The head of the Astronomical Society in Jeddah, Eng. Majed Abu Zahira, revealed the appearance of the Eta Daluyat meteors, which reach its peak this year at dawn on Friday, May 6, in the sky of Saudi Arabia and the Arab world, coinciding with the blessed Eid al-Fitr.
In his interview with Al-Arabiya.net, he said, “The Eta Daluyat meteor is active annually from April 19 to May 28, and it is one of the meteors capable of producing up to 60 meteors per hour, and most of its activity is in the southern hemisphere, but in The northern hemisphere can reach about 30 meteors per hour on average, because the “Aquarius” stars in front of which these meteors appear apparently do not rise high in the northern half of our planet.
He added, “Annual meteor showers arise when the Earth passes during its orbit around the sun through dusty debris scattered along the orbits of the comets in general, and by determining the speed and direction of these meteors, a path can be made for that dusty debris through the solar system and its source, and in the case of the Eta Daluyat meteors, the The source is Halley’s Comet.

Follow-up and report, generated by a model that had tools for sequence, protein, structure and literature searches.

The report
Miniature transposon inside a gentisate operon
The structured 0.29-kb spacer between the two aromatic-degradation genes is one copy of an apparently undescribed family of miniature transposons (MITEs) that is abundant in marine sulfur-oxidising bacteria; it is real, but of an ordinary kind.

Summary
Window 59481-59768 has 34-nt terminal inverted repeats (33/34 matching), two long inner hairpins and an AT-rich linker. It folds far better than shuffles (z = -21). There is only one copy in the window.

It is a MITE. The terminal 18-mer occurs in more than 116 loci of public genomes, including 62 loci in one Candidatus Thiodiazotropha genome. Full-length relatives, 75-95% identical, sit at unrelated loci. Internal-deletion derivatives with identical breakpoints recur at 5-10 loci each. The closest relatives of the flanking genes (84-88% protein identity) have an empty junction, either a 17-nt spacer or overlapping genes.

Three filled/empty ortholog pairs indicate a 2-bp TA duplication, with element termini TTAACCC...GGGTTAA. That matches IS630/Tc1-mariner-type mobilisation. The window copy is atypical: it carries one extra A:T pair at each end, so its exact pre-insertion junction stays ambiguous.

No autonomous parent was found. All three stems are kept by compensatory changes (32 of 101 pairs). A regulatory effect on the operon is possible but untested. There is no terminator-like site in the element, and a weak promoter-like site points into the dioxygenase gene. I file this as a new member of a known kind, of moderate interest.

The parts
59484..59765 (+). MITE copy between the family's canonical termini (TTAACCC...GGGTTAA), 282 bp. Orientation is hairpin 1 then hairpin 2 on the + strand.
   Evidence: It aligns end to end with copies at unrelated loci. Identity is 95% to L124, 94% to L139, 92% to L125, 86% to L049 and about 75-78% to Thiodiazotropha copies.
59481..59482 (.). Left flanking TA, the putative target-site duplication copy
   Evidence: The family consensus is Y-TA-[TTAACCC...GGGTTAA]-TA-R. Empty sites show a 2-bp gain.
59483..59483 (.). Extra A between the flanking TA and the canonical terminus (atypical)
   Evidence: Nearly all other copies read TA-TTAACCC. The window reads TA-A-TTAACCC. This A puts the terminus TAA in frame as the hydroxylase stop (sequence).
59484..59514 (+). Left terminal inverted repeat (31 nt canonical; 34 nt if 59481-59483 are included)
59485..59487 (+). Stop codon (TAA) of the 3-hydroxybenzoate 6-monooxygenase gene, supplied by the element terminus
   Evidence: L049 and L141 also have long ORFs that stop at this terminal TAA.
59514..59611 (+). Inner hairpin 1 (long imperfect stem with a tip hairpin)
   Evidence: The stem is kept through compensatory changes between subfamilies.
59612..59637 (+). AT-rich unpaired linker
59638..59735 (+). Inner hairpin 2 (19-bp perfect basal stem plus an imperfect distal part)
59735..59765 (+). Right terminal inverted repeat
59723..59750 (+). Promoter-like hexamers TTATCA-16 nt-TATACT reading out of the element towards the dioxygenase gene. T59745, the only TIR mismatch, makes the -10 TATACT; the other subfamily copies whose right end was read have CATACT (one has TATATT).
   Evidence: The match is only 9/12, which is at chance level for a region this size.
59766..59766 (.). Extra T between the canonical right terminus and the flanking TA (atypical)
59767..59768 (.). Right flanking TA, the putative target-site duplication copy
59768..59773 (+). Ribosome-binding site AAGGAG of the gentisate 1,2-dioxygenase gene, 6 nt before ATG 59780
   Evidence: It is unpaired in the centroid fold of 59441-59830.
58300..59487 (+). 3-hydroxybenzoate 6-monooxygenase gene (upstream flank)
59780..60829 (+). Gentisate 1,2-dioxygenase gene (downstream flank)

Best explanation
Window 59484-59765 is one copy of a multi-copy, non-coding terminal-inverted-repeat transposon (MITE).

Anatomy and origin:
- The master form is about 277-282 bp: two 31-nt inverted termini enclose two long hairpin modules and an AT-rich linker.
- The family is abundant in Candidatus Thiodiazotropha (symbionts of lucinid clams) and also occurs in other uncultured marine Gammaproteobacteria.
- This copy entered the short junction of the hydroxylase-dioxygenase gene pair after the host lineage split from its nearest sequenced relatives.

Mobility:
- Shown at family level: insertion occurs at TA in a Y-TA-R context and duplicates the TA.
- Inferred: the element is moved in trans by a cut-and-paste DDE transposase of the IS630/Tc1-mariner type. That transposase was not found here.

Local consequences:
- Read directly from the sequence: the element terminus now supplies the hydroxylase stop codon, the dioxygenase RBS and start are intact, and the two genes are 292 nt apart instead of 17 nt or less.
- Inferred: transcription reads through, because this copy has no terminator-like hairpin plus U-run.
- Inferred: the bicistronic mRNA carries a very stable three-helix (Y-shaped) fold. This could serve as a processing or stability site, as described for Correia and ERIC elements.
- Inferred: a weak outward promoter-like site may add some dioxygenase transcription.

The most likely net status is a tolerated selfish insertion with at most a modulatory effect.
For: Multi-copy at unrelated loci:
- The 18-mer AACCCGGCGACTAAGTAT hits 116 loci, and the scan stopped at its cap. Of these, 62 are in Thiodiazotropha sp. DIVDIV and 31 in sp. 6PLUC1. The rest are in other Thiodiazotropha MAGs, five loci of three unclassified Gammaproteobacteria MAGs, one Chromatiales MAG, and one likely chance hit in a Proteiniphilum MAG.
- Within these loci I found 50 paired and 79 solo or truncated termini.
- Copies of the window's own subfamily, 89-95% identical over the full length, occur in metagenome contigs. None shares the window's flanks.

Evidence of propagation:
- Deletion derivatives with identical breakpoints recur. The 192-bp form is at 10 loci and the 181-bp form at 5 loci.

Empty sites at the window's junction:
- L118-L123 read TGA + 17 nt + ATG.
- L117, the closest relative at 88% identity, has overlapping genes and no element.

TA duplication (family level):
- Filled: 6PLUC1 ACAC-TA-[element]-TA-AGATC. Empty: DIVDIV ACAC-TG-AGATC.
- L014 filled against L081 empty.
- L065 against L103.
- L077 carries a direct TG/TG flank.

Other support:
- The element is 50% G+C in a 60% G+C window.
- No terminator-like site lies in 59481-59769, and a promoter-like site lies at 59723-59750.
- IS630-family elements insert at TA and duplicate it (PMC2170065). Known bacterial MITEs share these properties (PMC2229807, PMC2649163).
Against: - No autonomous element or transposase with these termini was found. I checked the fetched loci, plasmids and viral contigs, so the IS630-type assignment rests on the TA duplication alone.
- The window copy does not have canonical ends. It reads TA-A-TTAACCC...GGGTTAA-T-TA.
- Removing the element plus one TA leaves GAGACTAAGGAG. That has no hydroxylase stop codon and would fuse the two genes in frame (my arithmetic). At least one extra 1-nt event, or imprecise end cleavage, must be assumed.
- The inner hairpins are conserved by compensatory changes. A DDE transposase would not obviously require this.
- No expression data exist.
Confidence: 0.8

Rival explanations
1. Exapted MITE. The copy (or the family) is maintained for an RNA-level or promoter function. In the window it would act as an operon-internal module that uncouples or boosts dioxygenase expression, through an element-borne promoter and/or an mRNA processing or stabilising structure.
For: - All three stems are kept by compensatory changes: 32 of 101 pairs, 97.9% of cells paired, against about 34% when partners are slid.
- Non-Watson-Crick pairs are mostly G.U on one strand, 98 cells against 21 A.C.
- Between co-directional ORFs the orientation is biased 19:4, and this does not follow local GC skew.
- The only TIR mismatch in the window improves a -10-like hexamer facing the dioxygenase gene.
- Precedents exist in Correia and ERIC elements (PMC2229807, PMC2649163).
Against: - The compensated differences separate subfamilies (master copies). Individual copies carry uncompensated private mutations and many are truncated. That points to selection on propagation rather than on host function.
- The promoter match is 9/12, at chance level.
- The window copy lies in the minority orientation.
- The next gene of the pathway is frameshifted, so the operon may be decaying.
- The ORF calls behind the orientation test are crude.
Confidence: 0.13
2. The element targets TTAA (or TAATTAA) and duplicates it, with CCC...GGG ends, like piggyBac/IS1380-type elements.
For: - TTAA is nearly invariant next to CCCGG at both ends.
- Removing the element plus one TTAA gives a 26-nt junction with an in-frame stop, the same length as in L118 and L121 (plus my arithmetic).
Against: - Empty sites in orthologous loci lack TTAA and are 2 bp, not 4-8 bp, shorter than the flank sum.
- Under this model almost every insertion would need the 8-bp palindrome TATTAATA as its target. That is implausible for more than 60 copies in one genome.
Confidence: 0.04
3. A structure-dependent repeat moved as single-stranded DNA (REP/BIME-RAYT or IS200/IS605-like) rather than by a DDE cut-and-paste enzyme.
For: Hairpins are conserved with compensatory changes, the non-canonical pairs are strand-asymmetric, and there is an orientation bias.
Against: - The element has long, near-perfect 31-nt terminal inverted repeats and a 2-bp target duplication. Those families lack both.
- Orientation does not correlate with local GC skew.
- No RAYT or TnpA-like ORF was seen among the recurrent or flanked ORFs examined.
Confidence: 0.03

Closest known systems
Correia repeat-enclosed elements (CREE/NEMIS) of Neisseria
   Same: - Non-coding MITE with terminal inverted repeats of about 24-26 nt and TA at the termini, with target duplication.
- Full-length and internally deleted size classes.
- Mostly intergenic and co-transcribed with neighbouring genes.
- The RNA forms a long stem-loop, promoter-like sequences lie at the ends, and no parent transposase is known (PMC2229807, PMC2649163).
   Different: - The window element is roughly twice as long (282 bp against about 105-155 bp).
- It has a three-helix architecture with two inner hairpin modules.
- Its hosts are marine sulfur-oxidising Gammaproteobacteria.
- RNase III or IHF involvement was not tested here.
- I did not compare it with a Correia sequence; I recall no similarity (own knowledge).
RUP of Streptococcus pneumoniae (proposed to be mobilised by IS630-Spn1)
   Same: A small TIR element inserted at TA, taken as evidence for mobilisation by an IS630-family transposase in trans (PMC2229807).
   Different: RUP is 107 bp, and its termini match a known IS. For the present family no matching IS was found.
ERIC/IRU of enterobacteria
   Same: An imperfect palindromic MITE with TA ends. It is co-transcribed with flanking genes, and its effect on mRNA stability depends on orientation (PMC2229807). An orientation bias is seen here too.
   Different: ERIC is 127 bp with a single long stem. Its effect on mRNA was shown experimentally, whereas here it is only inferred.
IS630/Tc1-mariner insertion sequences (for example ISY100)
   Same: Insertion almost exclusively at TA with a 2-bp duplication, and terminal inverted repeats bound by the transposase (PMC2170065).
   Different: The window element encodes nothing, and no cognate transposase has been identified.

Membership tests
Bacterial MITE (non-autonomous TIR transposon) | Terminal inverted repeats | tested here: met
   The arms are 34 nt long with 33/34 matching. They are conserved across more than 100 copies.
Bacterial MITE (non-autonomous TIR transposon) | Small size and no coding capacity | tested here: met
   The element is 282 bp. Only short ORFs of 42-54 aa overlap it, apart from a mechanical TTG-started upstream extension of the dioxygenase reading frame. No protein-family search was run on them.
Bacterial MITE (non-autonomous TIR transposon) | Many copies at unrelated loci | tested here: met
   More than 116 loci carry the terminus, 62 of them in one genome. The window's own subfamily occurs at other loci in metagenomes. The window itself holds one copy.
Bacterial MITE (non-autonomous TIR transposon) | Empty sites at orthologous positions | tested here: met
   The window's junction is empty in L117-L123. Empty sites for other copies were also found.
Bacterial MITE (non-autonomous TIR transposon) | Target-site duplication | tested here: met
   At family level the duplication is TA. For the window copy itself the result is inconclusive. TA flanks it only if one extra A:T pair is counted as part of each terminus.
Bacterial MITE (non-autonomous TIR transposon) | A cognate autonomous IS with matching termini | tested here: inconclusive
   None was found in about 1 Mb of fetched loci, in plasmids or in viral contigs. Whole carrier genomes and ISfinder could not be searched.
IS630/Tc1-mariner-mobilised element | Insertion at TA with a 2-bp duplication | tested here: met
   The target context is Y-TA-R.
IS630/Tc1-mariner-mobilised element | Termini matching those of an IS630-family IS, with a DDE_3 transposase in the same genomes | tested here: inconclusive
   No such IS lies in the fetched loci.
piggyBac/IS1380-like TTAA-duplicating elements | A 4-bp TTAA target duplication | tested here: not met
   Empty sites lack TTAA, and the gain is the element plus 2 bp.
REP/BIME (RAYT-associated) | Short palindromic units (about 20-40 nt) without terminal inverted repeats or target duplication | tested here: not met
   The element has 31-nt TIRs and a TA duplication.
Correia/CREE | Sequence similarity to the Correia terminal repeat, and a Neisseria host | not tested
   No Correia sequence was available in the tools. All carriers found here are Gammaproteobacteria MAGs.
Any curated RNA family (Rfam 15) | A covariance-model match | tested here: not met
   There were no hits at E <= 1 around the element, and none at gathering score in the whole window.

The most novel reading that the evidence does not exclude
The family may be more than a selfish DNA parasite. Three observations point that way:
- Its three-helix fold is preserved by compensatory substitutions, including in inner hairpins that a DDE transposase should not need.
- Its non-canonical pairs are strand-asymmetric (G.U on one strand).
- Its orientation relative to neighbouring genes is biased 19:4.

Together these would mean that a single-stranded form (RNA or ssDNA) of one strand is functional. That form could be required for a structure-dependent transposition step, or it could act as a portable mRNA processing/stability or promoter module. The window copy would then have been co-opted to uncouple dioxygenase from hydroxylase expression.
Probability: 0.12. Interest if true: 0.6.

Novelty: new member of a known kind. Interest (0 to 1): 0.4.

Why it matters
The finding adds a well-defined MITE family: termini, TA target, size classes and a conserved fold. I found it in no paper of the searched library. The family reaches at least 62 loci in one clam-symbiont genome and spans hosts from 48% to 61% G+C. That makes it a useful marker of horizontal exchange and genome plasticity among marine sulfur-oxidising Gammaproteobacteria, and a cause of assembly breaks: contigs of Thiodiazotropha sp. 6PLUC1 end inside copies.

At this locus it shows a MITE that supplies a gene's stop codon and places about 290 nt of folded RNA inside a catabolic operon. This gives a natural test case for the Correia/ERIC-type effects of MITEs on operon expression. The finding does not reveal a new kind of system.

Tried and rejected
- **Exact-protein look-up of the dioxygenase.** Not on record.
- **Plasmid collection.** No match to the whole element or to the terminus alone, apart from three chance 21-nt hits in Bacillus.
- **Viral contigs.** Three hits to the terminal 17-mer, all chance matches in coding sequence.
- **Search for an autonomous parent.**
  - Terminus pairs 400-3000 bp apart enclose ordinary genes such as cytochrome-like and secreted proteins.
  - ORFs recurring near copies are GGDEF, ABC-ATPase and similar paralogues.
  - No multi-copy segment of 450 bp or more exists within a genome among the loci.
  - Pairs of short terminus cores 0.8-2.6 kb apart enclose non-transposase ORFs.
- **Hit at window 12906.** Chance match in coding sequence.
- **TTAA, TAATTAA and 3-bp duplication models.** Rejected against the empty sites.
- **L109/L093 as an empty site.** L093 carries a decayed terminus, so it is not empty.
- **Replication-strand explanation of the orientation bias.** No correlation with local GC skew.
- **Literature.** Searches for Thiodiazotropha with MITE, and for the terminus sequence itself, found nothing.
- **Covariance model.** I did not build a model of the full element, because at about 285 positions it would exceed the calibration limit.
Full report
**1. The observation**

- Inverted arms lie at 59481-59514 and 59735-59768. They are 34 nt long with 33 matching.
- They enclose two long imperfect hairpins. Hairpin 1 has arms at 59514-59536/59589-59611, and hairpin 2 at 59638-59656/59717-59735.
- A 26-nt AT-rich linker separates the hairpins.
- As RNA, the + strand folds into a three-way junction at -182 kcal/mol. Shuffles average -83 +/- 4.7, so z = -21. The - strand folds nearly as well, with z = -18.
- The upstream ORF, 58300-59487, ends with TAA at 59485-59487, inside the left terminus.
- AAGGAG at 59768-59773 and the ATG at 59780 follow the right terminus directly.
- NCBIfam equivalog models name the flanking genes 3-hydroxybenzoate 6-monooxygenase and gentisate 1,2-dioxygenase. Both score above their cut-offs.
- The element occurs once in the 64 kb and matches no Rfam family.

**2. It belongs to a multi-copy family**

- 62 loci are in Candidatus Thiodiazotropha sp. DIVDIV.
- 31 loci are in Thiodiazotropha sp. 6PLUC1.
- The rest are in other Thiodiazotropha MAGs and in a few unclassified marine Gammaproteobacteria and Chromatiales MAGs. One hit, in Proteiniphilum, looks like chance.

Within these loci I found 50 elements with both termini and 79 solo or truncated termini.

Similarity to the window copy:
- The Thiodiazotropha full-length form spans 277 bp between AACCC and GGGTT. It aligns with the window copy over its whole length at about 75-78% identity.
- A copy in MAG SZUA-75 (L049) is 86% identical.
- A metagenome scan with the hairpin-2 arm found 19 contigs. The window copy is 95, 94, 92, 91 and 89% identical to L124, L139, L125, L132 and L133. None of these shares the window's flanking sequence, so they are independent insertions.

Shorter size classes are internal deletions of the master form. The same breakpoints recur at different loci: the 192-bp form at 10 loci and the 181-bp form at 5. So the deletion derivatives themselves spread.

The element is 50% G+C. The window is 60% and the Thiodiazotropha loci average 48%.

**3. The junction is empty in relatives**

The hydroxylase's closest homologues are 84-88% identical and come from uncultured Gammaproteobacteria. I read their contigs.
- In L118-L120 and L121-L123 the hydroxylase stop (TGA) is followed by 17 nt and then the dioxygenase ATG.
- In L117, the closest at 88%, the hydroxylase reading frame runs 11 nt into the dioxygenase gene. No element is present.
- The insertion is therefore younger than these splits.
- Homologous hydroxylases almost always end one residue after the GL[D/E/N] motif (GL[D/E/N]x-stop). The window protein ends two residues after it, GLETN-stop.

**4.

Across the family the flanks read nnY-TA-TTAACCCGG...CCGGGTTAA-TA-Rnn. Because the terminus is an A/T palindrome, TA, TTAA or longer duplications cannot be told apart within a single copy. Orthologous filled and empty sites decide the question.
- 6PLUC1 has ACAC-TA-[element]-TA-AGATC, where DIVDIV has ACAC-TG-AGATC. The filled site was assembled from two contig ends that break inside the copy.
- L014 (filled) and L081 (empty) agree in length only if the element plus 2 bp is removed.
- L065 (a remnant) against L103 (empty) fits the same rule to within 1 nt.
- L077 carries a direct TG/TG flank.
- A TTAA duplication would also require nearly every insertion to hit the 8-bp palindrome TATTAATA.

He also added, “In general, the best time to observe these meteors is in the hours before dawn by observing the southeastern horizon at about five o’clock in the morning, and monitoring them is from a dark location away from the light pollution of cities (not from home), knowing that the human eye needs about 20 minutes to adapt. with darkness and the observer must give himself at least an hour to see a meteor.”
He explained that the moon will not have an effect this year, as it will be in the process of a crescent at the beginning of the month and will be absent early in the evening, leaving the dark sky to better see the meteors.
It is noteworthy that the reason for calling these meteors “Eta Daluyat” is because they appear to be near the faint star “Eta Aquarius”, but there is no relationship between the star and the meteors, as that star is 170 light-years away from us and is equivalent to trillions of kilometers, while the meteors shine at a height ranging from Between 70 and 100 km above the Earth’s surface.